Control Resistant Kochia Now or Pay (Even More) Later

If ever we needed a new curse word, let me humbly suggest kochia. If you thought it was tough to kill before, it’s quickly becoming even more difficult. As Clark Brenzil, provincial weed specialist with Saskatchewan Ministry of Agriculture, explains, not only should kochia be taken off the label of every Group 2 herbicide, it’s also developing glyphosate resistance. What’s more, resistance to dicamba and fluroxypyr (Group 4) products was reported in Montana and North Dakota as long ago as 1995.

Testing is on-going by Dr. Hugh Beckie, AAFC Saskatoon, to confirm glyphostate resistant kochia in Saskatchewan and Manitoba, however it’s safe to assume this is something most Prairie farmers need to have on their radar.

Why is kochia developing such wide-spread resistance so quickly? Brenzil says there are a few reasons. For one, kochia relies exclusively on seed production to spread. Each plant produces over 40,000 seeds per year, and the plant is rather promiscuous, sharing its pollen liberally. Outcrossing is common, which makes for very genetically diverse populations. Add repeated glyphosate use to the equation and you’ve got a recipe for disaster.

If you’re sufficiently threatened by the advent of multi-mode-of-action-resistant kochia, you likely now want to know how to a) avoid it, or b) delay it as long as possible. Excellent idea, says Brenzil, but while the solution is relatively straight forward, it’s going to cost both time and money. “Except for in-crop control on herbicide tolerant canola and soybeans, glyphosate should never be used alone (if you’re targeting kochia),” Brenzil says. “If you’ve got kochia, assume it’s resistant to Group 2s and glyphosate.” What’s more, Brenzil adds if you’re targeting perennials,you may have better success treating the perennials the previous fall, if using Group 14 combinations in the spring. Group 14 herbicides cause rapid cell rupture in plant tissues they contact, limiting the uptake and movement of glyphosate within perennial weeds, so a spring burn-off tank mix isn’t necessarily going to be the most effective for perennials. But that adds time and money, Brenzil says, and that’s unfortunately where we are headed in combating herbicide resistance.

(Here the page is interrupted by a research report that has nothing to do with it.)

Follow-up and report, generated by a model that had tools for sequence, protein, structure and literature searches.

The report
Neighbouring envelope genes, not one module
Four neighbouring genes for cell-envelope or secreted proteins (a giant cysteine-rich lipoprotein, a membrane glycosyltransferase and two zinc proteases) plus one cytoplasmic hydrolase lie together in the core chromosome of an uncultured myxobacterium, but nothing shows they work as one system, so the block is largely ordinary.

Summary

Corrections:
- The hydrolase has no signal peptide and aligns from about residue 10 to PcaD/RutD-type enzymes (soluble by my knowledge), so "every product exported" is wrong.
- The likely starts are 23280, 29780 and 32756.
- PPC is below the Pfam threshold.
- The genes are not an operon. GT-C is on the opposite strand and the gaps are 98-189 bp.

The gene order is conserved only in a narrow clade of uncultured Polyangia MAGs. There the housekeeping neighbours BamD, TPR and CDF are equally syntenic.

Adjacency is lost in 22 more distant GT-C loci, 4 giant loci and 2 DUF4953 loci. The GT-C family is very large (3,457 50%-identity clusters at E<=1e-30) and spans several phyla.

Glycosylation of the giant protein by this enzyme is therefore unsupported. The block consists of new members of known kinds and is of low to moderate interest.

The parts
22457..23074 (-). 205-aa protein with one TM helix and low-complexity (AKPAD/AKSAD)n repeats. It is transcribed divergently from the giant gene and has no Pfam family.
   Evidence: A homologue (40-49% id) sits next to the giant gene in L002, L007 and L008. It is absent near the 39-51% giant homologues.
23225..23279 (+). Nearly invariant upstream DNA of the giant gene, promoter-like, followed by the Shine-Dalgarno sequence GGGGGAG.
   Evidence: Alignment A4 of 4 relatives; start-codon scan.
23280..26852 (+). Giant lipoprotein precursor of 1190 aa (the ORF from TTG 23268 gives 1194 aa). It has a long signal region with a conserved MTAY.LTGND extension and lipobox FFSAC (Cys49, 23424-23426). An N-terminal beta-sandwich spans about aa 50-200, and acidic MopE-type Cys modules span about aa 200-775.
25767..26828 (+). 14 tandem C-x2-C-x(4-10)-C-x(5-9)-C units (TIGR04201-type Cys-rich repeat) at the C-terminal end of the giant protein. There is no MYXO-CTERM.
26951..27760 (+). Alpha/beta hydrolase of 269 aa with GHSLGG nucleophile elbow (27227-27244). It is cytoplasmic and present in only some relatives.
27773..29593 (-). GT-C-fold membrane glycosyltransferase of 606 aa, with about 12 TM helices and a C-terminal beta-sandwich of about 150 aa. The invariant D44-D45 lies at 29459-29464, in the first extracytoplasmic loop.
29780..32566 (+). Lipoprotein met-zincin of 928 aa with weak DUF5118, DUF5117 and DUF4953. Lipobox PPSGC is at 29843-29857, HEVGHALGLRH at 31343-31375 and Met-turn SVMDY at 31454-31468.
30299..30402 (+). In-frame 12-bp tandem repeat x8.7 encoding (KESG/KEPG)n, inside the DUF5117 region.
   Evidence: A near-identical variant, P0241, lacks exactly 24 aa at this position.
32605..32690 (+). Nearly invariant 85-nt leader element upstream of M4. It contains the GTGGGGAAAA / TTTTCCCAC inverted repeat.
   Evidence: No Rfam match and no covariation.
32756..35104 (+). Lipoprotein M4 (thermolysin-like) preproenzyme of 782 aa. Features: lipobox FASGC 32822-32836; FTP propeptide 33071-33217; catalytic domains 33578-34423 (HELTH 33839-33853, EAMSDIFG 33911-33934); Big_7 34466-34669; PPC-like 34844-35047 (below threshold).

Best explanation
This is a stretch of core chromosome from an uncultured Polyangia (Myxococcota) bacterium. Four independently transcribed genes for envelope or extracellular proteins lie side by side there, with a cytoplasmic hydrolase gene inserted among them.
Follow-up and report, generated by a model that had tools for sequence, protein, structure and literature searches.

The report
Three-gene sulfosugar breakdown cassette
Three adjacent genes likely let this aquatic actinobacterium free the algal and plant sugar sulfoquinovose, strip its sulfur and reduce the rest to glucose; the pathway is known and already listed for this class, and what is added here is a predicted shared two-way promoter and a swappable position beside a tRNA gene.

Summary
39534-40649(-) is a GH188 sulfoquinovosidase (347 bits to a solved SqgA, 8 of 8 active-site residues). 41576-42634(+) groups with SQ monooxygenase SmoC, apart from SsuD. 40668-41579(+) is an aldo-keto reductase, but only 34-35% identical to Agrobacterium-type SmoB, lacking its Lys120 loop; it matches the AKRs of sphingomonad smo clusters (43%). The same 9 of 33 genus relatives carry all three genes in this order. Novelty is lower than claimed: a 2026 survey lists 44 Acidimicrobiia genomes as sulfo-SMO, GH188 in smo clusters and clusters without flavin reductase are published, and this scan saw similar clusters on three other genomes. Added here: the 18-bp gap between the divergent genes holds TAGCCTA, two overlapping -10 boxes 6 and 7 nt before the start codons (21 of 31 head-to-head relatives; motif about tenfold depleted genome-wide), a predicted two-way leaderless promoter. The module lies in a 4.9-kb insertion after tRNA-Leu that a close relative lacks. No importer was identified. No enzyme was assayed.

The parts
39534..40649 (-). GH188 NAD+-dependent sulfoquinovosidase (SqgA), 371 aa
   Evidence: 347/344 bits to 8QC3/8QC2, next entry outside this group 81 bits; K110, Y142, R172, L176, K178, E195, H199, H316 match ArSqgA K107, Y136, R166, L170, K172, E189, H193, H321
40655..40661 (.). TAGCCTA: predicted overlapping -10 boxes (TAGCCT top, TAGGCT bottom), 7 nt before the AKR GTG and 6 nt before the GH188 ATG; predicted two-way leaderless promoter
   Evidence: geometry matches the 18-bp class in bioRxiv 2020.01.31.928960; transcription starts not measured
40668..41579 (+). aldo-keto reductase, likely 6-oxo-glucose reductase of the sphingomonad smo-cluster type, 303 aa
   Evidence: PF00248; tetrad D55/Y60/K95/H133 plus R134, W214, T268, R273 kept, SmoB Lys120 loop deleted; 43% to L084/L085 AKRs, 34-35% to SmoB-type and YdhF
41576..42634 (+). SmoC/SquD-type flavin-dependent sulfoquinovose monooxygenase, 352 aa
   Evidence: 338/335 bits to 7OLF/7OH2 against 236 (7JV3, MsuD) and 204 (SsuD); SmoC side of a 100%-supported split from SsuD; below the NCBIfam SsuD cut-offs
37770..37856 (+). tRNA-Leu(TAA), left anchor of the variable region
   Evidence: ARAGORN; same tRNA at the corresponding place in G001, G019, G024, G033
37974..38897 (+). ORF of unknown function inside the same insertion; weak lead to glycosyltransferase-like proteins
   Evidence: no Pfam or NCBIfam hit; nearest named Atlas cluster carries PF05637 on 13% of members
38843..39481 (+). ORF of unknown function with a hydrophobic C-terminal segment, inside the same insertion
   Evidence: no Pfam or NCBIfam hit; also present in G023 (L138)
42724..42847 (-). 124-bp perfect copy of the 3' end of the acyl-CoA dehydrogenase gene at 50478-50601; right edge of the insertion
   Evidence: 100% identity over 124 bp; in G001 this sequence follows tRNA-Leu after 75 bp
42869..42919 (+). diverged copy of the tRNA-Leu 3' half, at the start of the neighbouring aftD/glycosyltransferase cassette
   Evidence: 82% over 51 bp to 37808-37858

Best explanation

“If farmers do this now, we have the chance to get ahead of the problem and keep glyphosate as a tool for managing kochia for longer than 20 years,” he says. “There is margin now in crop prices; this is a good time to tackle the problem.”

The added risk, of course, is the traveling nature of the troublesome pest. Because the plant skeleton actually travels and spreads the seed, it’s not just the pollen and outcrossing you have to worry about. If you’re neighbour isn’t tackling the resistance problem, you’ll be fighting this battle until you’re very weary. My suggestion? Farmers — all of you! — and any companies managing vegetation (hi, railways and oil companies!) need to take heed to this growing resistance issue and take Brenzil’s advice. Multi-modes of action in spring burn-off isn’t really optional any more if you’ve got kochia. It’s time to tank mix, tank mix, tank mix.

 

Lyndsey Smith

Lyndsey Smith is a field editor for RealAgriculture. A self-proclaimed agnerd, Lyndsey is passionate about all things farming but is especially thrilled by agronomy and livestock production.

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